Tests so far show than this laser striping system can locate and calculate the shape of most types of litter, from large objects that would damage the machine to small items that like bolts and nuts. For debris, such as sand, gravel and leaves that spread over a wide area, extra image processing is important: sand and leaves require quite different brushing styles.

Once the boundaries of the debris have been identified by laser striping, the computer then compared the pixel intensity over the surface. The varying intensity provides an indication of surface roughness, and therefore a guide to the type of debris. “We found that our smooth lab floor was easily distinguished from wood chip, for instance. This method should be able to distinguish gravel from leaves from sand.”

“We now hope to integrate our understanding of brushing with our sensor and predictive analysis,” concludes Professor Parker. “Hopefully we can improve street cleaning and make life easier for the vehicle operators.”

Wireless advances boost mobile mulitimedia communications

Wireless advances boost mobile mulitimedia communications

A wide range of innovations being made at Southampton University’s Department of Electronics and Computer Science is enabling wireless telephone networks to be extended to carry high-quality video, speech, handwriting and graphics for advanced multimedia applications.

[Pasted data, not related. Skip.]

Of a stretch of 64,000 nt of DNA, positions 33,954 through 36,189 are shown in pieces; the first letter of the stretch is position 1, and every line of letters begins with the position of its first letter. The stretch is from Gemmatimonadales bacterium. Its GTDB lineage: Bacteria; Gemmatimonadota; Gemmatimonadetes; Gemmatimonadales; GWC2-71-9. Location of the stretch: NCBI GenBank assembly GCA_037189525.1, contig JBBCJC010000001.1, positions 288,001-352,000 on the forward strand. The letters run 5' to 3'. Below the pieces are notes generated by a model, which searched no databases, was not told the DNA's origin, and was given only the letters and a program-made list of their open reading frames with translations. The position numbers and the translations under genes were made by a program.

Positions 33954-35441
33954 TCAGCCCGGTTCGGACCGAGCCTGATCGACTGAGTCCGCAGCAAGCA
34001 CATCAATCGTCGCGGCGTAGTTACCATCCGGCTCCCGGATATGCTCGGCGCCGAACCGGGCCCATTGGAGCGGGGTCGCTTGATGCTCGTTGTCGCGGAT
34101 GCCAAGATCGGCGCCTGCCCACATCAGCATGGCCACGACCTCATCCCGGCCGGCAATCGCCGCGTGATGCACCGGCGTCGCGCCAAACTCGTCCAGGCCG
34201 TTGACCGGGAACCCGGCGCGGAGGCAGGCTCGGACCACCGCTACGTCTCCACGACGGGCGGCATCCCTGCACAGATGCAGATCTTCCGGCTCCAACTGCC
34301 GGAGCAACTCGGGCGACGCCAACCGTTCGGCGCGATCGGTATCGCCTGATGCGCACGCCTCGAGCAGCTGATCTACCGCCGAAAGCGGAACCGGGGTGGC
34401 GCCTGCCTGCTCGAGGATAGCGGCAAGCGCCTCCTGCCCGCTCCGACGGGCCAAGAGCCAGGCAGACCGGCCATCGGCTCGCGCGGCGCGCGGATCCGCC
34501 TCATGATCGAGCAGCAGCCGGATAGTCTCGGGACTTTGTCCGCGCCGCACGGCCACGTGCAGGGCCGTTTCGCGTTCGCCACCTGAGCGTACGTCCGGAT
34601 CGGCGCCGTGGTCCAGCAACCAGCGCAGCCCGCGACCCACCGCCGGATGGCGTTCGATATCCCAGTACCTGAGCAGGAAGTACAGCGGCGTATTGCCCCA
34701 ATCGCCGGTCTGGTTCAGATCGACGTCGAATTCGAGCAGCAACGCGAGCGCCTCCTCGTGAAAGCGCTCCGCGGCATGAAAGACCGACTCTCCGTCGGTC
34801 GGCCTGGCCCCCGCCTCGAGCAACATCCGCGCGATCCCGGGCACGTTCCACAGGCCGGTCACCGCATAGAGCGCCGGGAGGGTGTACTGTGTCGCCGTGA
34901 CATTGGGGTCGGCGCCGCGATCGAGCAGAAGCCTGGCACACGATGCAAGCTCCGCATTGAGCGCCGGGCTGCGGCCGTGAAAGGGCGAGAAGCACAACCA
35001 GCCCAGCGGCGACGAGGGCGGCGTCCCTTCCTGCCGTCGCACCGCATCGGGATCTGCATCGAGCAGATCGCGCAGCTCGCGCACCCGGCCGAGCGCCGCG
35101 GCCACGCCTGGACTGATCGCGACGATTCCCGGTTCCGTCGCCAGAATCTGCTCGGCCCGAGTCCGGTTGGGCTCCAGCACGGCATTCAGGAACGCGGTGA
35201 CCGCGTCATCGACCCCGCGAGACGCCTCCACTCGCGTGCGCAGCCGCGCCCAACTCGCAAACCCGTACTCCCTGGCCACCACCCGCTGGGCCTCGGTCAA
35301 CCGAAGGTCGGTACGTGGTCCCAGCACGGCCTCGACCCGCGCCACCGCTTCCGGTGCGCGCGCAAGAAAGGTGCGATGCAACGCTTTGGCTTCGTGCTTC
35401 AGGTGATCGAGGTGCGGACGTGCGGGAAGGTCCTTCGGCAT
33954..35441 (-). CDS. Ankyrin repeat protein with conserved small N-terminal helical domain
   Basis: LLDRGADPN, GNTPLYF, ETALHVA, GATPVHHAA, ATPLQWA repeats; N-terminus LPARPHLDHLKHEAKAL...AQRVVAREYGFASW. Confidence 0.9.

The work, by Southampton’s Mobile Multimedia Communications Team (MMCT) in Professor Raymond Steele’s Communications Group efficiently exploits available wireless ‘bandwidths’ to deliver robust, high-quality multimedia communications to anyone, at any location. The bandwidth of a communications link determines the amount of digital ‘bits’ of information it can carry. Speech conversations of acceptable quality can be encoded at rates as low as 5600 bits per second (bps), but moving-image video typically needs significantly higher transmission speeds.

How the Digital Assistant may look Multimedia communications can be handled reliably and efficiently using optical fibres, cables and other high-speed ‘broadband’ networks, which are relatively free from external interference. Users of wireless communications, however, move through a variety of environments, such as a tunnel, which are hostile to the propagation of radio waves. Maintaining consistent mobile reception quality therefore requires complex signal processing.

The MMCT has developed a range of bandwidth-efficient transmission methods for delivering multimedia services, including new encoder/decoder (codec) techniques. These translate video, speech and other signals into ‘compressed’ digital codes that need fewer bps during transmission, with the signal retranslated into the original format by the decoder. Codecs are implemented as micro-chips in users’ devices.

The MMCT’s innovations, many of which were made on EPSRC-funded projects, are targeted towards optimising the overall performance of wireless networks by creating systems that automatically adapt and reconfigure themselves to maintain optimum performance levels, for instance by programmable codecs. This ensures the ever-changing demands of mobile users are met in the most efficient way.